Stream Biota

A Quick Look

Organisms that live in streams face issues of poor water quality from urban development and other land use.

Two hands grasp a 2-foot long eel over a red plastic container
An American eel documented during stream biota monitoring at Catoctin Mountain Park. Photo: NPS/Nortrup

Importance and Issues

Stream biota are aquatic organisms like fish and macroinvertebrates that are a vital part of healthy stream ecosystems. We monitor fish and benthic (bottom-dwelling) macroinvertebrates in tributary streams of the Potomac and Patuxent Rivers. We also collect data on the physical characteristics of these streams to assess the habitat they provide to stream organisms.

Macroinvertebrates are animals without backbones that are visible to the naked eye. This includes organisms like crayfish, mussels, and the aquatic stages of insects such as midges, stoneflies, mayflies, and caddisflies. They aid in nutrient and carbon cycling and are an important link in stream food webs.

Along with fish, stream macroinvertebrates are good indicators of waterway conditions because of their sensitivity to chemical, physical, and biological disturbances. Fishing is also a popular recreational activity in several NCR parks, and public interest in fish population health is high.

Fish and macroinvertebrates are facing threats to their habitat. Species that rely on cold water, like brook trout, are in peril from climate-induced warming and loss of tree canopy that shades and cools streams. Other threats include pollution from sedimentation, acid deposition, and other sources.

Monitoring Questions and Approach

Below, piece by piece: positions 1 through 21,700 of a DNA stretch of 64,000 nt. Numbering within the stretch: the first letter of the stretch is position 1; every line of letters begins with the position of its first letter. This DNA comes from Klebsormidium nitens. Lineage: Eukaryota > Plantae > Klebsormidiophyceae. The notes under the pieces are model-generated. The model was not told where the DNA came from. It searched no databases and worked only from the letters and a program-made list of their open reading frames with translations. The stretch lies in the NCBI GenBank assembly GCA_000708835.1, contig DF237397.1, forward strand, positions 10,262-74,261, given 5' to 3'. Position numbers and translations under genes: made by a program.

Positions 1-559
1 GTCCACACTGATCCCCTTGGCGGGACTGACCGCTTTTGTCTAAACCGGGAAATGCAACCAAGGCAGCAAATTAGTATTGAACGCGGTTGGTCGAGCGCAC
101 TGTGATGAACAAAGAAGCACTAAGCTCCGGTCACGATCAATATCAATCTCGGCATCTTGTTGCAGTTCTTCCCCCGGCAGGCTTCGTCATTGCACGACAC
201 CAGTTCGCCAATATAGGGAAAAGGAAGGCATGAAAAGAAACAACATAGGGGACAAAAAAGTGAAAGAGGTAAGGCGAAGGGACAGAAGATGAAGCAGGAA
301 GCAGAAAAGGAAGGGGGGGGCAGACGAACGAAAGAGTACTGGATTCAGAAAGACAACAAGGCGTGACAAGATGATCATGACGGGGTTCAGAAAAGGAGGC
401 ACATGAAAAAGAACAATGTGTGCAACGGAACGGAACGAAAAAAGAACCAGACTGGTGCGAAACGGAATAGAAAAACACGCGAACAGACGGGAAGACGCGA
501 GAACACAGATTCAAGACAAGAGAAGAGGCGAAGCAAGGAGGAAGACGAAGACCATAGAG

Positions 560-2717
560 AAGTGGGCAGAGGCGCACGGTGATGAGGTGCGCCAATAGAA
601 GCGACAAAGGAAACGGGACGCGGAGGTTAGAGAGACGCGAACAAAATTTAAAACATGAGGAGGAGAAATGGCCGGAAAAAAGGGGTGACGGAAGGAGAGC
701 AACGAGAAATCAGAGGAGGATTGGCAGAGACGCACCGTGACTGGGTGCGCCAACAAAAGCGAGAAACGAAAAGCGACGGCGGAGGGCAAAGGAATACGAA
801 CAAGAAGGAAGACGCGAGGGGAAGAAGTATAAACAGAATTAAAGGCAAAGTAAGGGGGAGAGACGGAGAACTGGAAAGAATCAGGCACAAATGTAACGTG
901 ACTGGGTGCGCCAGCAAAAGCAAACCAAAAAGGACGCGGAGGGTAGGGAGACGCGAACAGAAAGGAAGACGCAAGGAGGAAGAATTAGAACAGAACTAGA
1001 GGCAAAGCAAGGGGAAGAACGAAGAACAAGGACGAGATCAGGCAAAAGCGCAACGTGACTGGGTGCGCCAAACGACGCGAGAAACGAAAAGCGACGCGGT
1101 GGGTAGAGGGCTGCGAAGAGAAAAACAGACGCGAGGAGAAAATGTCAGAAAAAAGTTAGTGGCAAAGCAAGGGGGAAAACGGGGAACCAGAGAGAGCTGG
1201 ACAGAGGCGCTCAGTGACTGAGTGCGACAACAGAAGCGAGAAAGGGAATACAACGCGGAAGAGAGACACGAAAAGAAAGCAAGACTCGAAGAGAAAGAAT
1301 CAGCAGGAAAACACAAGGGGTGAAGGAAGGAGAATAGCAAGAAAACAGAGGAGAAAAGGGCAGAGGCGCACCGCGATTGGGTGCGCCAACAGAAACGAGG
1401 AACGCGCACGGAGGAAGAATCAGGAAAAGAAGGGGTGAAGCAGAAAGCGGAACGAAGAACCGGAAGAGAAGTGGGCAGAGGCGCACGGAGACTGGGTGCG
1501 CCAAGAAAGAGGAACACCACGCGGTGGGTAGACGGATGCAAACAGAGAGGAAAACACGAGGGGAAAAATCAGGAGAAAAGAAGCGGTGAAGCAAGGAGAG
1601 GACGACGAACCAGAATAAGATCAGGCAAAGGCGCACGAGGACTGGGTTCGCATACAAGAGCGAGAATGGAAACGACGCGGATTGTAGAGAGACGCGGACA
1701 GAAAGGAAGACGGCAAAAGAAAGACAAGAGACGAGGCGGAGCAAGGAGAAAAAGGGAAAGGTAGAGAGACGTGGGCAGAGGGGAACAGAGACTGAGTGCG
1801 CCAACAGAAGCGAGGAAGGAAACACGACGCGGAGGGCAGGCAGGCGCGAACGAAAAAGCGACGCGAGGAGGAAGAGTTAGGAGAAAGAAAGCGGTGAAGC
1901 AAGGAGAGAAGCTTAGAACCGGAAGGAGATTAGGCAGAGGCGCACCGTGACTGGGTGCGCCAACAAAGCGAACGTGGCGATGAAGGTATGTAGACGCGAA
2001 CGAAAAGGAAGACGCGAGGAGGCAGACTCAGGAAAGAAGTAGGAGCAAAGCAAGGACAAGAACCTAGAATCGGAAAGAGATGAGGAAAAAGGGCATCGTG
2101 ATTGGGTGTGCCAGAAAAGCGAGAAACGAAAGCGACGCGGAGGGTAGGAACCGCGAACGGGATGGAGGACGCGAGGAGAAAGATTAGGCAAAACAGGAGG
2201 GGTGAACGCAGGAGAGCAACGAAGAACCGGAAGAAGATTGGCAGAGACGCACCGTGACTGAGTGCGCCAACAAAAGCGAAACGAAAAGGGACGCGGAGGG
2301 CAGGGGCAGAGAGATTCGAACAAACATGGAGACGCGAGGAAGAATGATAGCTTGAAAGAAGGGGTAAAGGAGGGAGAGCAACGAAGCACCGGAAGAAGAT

• What are trends in fish and macroinvertebrate populations?
  • What are trends in the physical habitat of streams?
  • What non-native fish and macroinvertebrates are present and where?
  • Do our streams support any vulnerable aquatic species?

Detailed monitoring objectives from our protocol document are found here.

Source: Data Store Saved Search 1636. To search for additional information, visit the Data Store.

Source: Data Store Saved Search 1301. To search for additional information, visit the Data Store.

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    How We Monitor

    We monitor fish, benthic macroinvertebrates, and physical habitat at thirty-seven freshwater stream sites located in all NCR parks except for the Chesapeake & Ohio Canal. Collaborators from the University of Maryland Center for Environmental Science and Stroud Water Research Center began monitoring in 2019 and will complete a full cycle in 2022. The previous monitoring cycle occurred from 2007 to 2014.

    This monitoring informs us about the condition of non-tidal first through fourth order streams and rivers in the Potomac and Patuxent watersheds and the organisms that live in them. The assessment of fish and benthic macroinvertebrate monitoring data uses an Index of Biotic Integrity (IBI) scoring system.

    Stream physical habitat assessment includes measures of stream width, riparian zone vegetation, degree of vegetated steam buffer, surrounding land use, extent of stream channelization, degree of stream erosion and shading, and other stream features to assess the habitat streams provide to aquatic organisms.

    Last updated: October 24, 2022